We all love perennials for the height, structure and staying power they bring to the landscape. But if you've ever tried to create a colorful, lush display that lasts all growing season using perennials alone, you know something is missing. Or perhaps you've always wanted a vegetable garden, but your homeowners association or backyard setup says otherwise. The solution? Figuring out how to grow vegetables and flowers together. Learn more about how adding annuals in with your perennials can fill in gaps and help you produce color — and even food — in your landscaping beds.
Combining Annuals and Perennials in the Garden
First, let's clarify the difference between perennials and annuals. Perennials establish strong roots and come back year after year. Some perennials are woody ornamentals (think trees and shrubs) while others are herbaceous plants that die back to the ground every year and come back in the spring. On the other hand, annuals, like many common flowers and edible plants grown in the United States, complete their life cycle in a single growing season.
When it comes to weaving vegetables and flowers into a perennial garden, think of it this way: Perennials are like the sofa in your living room — an anchor that stays in one place and dictates how you utilize the space. Vegetables and annual flowers are like the throw pillows, wall art, blankets, ottomans and other additions that make a space both visually appealing and functional. Just a few of these elements can transform an area, and you can easily swap them out when they're past their prime (or something more eye-catching comes along). Essentially, by interspersing annual flowers and vegetables into your tried-and-true perennials, you can create a complete, cohesive landscape.
Benefits of Weaving Vegetables and Flowers Together
Perhaps you have a healthy row of perennials that shines in the spring but quickly fades into a wall of dark green. Or maybe you just planted starter shrubs that will eventually form a hedge, but right now, the tiny plants feel light-years apart.
If your perennial-filled landscape feels dull, annual flowers may be just the plants it's missing. They not only add instant color and variety but can keep shining well past perennials' beautiful but often brief burst of blooms (looking at you, lilacs). Annual flowers can help define or enhance your desired color palette, whether you want to complement or contrast what you already have. The bottom line: Annuals can help fill your landscape with strong, consistent color.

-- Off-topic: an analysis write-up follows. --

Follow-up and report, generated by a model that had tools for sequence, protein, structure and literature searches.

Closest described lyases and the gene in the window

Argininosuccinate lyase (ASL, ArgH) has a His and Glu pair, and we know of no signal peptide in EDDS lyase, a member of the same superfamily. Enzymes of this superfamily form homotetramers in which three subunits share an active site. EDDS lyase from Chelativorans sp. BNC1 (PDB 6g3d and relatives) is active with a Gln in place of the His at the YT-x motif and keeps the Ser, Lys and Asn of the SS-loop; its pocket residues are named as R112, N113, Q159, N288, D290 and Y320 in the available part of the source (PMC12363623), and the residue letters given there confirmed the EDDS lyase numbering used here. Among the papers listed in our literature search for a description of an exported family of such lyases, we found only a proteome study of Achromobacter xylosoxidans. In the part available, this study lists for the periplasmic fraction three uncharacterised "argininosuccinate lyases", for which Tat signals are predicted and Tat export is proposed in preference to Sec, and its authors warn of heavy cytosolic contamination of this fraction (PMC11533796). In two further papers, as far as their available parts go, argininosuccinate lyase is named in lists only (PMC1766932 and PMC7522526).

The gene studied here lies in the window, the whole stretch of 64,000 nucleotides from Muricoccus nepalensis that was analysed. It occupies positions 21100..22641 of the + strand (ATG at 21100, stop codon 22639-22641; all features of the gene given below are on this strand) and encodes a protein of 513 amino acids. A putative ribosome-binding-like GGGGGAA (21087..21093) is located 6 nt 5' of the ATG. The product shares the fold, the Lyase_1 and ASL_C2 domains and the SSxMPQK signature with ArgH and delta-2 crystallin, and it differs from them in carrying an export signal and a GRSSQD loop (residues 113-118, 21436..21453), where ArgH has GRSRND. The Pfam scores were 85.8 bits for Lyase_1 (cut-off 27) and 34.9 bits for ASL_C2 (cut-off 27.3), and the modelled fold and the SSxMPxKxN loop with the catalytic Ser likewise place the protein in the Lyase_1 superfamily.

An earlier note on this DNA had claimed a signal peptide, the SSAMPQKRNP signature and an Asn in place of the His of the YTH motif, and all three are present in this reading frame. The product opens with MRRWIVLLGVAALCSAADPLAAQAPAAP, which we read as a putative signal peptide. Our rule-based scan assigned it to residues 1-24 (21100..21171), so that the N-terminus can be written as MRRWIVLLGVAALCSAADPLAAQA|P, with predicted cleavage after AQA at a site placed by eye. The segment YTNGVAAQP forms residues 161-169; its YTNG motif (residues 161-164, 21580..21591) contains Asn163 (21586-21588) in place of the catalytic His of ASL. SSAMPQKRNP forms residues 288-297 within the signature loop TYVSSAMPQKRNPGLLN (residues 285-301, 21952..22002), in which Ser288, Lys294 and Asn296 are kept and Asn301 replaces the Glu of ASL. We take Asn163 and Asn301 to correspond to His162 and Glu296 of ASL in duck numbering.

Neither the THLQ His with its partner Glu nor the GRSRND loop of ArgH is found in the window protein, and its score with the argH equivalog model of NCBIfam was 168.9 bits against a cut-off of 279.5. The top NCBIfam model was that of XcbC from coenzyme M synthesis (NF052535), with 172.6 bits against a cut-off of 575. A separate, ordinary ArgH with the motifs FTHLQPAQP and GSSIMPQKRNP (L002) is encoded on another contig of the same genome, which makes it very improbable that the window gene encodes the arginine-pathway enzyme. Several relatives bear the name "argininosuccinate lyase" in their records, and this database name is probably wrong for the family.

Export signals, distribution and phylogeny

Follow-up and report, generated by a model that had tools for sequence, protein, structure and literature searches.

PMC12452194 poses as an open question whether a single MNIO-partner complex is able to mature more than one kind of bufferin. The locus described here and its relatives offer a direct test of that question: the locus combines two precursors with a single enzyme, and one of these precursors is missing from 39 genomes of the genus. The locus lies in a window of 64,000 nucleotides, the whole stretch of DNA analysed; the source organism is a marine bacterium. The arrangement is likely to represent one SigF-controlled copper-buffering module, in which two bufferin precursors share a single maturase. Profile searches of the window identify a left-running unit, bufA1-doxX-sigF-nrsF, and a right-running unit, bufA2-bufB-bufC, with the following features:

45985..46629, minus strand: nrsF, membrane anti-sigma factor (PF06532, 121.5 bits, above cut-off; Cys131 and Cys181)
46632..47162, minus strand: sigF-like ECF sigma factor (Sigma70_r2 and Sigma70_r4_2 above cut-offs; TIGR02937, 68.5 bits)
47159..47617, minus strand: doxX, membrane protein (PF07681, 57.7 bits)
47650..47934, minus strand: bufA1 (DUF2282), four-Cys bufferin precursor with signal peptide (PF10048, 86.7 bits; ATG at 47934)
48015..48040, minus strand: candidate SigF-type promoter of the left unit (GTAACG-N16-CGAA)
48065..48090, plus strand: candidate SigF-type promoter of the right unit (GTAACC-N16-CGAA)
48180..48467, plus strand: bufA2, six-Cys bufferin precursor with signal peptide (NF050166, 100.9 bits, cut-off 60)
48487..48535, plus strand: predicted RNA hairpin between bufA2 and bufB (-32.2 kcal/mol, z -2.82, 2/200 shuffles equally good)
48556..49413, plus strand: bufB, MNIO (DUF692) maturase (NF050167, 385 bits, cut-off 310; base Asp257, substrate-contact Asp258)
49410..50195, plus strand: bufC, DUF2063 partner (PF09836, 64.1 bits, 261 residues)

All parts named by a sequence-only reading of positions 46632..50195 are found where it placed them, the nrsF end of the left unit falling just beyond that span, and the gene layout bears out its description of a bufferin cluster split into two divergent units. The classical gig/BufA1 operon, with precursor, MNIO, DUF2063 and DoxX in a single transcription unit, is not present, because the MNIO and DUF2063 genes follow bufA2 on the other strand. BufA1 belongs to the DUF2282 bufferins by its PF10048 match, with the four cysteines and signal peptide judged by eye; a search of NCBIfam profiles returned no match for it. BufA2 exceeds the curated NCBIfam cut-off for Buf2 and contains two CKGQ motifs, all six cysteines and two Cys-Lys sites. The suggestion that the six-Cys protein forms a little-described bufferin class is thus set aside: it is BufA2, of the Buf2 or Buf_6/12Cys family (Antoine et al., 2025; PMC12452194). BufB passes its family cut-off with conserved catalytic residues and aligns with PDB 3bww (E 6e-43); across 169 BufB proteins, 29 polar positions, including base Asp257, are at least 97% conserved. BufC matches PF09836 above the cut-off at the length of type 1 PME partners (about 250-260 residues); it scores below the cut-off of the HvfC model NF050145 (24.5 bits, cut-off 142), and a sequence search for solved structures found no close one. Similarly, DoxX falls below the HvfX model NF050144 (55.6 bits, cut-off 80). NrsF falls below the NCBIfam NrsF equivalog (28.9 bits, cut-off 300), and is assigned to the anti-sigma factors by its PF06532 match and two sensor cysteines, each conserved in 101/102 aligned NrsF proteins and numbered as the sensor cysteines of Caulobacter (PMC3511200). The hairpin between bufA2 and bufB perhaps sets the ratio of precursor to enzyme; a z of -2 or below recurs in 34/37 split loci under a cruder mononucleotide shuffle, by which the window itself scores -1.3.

When you intersperse vegetables and other edible plants in your landscape in a practice often referred to as foodscaping, you can enjoy the satisfaction of growing even just a small portion of your food yourself — all without ripping up sod or losing a portion of your precious backyard play space. It's also an ideal way to step into vegetable gardening without a significant commitment, and you'll discover that edible plants offer plenty of texture and beauty, whether it's giant green kale leaves or ferny asparagus fronds.
Aesthetic and personal benefits aside, when you grow more types of plants, you increase your landscape's biodiversity. This brings in pollinators and beneficial insects, which help boost flower and fruit production.
How to Add Flowers and Veggies Into Your Garden
First, ensure you have at least a semipermanent framework of perennials in place to serve as the backbone for your annuals. Without it, you'll struggle to identify where to tuck in fun additions and find yourself covering an entire garden bed with plants that only last a season.
Once you have your perennials in place, it's time to start sprinkling in edible plants and annual flowers. We get it — the thought of shaking up your landscape can feel intimidating. But luckily, with a systematic approach, you can easily figure out what plants to shop for and the ideal places to put them.
Scout Your Spot
First, designate the areas where you can fit flowers and vegetables based on the overall shape of your landscape. Some locations to consider include: